I’ve always been entranced by the concept of dressing in a single piece of cloth and tying it together as opposed to modern zips and secure fastenings like buttons. There’s something liberating but also more delicate about tying something like a ballerina wrap cardigan, because if it’s not secure, the knot could come loose without warning. It’s difficult to imagine how people managed to get by without elastic or polymers to make synthetic, stretchy materials like spandex, a bit like imagining a world without electricity and simple tasks like ironing would take double the time, sweat and double the danger. There’s an artwork by Edgar Degas called “Women Ironing” and apparently it shows how back in the day you had to heat two irons simultaneously by the fire to heat the metal. To pick one up, you wrapped the handle with a cloth and pressed it on the clothes to flatten out the creases, and once it cooled you’d use the other iron on the fire. To a 21st century child, that sounds like an awful lot of work.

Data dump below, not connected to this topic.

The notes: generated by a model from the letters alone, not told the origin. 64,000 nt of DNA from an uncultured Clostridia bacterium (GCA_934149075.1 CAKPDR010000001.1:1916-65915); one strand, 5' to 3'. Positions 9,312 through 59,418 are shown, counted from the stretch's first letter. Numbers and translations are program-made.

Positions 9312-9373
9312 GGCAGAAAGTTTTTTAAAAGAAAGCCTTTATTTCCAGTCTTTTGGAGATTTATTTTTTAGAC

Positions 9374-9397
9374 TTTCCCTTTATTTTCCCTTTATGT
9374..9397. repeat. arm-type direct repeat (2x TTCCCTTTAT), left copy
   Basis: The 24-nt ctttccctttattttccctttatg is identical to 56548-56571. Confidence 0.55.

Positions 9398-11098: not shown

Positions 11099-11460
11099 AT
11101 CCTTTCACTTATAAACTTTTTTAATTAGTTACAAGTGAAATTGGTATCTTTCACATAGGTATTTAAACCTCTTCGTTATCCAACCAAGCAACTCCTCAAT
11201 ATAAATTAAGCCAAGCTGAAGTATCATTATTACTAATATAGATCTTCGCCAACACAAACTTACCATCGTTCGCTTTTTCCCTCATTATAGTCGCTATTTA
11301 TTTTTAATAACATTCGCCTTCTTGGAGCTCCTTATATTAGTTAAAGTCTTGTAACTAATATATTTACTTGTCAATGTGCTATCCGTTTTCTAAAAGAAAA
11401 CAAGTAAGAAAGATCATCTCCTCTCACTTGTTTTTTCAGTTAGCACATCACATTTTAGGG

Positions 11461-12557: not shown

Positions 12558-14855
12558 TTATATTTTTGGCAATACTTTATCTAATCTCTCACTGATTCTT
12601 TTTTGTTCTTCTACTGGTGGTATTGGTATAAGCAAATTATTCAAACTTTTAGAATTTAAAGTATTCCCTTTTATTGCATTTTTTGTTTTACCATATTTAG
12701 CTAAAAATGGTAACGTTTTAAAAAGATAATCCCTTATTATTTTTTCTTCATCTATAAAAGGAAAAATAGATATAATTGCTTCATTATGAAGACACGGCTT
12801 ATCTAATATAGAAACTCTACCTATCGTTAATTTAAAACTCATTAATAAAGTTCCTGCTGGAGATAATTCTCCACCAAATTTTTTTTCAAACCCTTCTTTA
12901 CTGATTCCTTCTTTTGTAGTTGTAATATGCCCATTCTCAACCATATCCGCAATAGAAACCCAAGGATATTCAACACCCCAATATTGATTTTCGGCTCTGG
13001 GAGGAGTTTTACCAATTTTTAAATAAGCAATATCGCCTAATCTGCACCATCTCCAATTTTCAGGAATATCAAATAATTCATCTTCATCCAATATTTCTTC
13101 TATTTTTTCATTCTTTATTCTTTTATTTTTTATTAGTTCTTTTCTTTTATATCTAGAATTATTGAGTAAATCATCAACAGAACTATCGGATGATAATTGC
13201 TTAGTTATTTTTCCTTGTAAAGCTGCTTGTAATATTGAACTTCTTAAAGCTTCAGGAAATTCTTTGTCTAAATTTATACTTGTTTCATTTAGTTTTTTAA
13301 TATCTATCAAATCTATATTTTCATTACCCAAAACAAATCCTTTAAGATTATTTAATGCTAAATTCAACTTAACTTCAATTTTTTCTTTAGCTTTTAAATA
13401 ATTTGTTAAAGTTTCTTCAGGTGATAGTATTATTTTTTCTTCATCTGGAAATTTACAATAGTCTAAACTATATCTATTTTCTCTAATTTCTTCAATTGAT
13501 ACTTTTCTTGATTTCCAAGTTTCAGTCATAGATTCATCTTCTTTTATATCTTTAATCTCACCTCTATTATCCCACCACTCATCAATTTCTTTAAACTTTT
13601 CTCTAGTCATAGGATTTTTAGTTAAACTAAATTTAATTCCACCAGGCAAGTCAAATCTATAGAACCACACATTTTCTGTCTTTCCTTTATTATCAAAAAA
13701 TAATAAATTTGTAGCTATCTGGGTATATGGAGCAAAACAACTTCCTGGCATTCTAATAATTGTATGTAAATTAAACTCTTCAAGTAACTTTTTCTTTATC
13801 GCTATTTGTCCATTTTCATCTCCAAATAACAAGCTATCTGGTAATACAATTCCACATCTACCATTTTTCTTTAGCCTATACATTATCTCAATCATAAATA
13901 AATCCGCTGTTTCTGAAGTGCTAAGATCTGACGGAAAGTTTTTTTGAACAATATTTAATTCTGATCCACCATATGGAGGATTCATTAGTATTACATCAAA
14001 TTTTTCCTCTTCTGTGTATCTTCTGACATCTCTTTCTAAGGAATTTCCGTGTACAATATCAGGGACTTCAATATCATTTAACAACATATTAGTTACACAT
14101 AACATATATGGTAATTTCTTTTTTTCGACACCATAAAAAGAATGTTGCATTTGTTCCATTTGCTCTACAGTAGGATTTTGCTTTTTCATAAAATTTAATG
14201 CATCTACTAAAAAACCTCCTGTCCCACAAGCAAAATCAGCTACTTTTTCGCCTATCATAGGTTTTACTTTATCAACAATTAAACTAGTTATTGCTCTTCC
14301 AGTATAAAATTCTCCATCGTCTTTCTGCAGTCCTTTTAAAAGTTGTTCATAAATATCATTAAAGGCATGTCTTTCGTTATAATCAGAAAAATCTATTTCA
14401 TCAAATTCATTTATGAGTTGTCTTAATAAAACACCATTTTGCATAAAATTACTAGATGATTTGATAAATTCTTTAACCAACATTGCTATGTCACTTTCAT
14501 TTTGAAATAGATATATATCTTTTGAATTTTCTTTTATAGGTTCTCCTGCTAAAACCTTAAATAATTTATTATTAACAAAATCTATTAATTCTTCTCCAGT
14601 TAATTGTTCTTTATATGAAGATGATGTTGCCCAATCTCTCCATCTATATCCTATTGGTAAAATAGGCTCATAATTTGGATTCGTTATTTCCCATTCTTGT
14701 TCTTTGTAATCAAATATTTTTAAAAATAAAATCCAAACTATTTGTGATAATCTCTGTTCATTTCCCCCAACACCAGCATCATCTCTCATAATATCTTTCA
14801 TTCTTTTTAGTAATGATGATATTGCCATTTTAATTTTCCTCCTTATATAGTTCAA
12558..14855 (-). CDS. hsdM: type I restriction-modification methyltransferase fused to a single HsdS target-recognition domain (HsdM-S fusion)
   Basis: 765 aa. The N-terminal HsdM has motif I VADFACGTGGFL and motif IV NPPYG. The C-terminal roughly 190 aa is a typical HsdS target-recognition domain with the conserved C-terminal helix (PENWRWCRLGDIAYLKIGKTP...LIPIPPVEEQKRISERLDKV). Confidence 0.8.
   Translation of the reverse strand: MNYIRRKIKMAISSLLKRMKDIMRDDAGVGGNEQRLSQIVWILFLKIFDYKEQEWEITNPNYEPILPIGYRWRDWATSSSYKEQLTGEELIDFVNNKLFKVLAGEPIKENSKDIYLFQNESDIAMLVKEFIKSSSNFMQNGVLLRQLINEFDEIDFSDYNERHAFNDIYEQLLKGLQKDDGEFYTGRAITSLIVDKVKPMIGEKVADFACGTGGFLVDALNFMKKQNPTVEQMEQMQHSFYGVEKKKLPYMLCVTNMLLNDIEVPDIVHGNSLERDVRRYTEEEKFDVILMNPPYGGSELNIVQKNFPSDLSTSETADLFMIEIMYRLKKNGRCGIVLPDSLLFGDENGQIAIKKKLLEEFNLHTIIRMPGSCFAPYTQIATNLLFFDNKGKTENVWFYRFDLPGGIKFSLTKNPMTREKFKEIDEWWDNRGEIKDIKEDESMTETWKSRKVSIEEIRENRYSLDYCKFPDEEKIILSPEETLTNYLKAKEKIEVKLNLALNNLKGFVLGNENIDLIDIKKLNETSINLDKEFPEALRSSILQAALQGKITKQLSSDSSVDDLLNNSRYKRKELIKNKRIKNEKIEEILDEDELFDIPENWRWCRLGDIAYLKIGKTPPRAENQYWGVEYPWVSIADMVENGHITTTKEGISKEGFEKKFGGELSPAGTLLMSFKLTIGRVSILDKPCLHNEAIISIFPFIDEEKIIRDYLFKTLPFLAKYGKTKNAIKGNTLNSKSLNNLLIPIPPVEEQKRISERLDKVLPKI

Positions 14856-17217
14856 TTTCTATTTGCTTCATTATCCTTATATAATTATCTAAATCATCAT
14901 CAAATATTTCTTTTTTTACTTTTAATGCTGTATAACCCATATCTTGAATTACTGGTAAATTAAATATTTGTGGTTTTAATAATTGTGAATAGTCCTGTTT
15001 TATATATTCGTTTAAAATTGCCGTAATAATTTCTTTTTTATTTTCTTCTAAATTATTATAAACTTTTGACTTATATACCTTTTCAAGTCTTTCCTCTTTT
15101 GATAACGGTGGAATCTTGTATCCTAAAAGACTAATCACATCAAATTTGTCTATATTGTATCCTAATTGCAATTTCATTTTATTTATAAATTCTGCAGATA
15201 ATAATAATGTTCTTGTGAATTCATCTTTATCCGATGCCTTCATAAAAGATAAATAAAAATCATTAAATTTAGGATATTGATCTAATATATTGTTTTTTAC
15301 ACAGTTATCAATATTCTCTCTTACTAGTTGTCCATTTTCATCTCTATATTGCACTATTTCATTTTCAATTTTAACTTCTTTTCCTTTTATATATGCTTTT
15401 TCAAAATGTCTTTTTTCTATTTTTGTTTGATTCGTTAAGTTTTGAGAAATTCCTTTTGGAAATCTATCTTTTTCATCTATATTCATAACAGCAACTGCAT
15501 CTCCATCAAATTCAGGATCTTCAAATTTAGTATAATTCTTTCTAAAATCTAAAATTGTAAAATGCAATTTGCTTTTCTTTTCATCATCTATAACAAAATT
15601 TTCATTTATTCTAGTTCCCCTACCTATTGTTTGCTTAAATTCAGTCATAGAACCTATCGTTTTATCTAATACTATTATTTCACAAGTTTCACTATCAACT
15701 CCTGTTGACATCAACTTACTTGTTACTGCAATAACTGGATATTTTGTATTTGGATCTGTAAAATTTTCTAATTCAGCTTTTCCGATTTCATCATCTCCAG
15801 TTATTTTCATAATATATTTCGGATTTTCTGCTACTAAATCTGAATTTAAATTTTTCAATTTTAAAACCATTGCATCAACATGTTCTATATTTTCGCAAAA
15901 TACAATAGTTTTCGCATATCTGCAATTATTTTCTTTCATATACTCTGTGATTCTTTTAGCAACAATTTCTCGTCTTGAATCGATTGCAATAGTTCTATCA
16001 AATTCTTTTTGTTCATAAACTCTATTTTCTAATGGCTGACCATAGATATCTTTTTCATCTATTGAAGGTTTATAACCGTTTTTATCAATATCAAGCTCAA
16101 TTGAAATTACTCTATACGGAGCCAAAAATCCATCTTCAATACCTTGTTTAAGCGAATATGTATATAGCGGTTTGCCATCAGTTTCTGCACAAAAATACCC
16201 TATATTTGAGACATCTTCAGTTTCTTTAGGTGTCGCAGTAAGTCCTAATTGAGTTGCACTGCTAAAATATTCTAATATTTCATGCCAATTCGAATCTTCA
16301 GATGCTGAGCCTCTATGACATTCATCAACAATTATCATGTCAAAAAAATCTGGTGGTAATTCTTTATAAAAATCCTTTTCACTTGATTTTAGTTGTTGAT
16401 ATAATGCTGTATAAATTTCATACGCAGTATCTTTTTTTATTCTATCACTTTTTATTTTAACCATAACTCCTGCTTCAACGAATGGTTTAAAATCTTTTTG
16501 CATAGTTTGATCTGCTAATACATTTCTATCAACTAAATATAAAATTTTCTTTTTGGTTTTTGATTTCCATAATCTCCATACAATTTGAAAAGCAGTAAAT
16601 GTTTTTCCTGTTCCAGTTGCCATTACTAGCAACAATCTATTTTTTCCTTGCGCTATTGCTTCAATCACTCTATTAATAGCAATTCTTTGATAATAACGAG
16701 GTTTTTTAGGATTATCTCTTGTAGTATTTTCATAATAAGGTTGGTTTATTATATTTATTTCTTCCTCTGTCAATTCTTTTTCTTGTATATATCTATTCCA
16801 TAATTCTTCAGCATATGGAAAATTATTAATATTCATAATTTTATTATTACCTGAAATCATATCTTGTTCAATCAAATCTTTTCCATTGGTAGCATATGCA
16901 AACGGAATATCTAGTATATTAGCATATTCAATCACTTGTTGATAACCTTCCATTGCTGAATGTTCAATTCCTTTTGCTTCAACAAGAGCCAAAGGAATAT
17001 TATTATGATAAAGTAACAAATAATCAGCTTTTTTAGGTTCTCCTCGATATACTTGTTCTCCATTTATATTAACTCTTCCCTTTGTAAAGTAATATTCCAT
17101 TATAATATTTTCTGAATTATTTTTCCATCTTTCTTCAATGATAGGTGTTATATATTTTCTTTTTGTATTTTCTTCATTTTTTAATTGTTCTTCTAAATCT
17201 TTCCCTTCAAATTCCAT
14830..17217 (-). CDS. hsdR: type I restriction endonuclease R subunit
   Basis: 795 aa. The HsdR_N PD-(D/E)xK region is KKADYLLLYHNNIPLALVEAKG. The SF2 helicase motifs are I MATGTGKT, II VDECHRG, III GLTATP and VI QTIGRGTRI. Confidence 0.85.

I’m no photographer but lately I’ve been experimenting with the different settings on my camera. I’ve yet to understand how double exposure works exactly, or how to do proper light trail photographs, but I find that composition interests me a lot. A good example of composition in a frame would be Wes Anderson’s film “The Grand Budapest Hotel”. There’s symmetry in every shot, which just somehow makes each action more comedic and simultaneously unrealistic but believable. The ridiculousness often undermines the serious nature of the story, which I will not divulge here for those of you who have not yet seen it.
Anyway, here are a few outfit shots which I tried to edit on Photoshop (the scenery was too boring) which were inspired by an Agnes b. advertisement that I saw once with lots of flowers.
dress : Topshop Petite Ditzy Wrap Dress
cardigan : thrifted (courtesy my mom)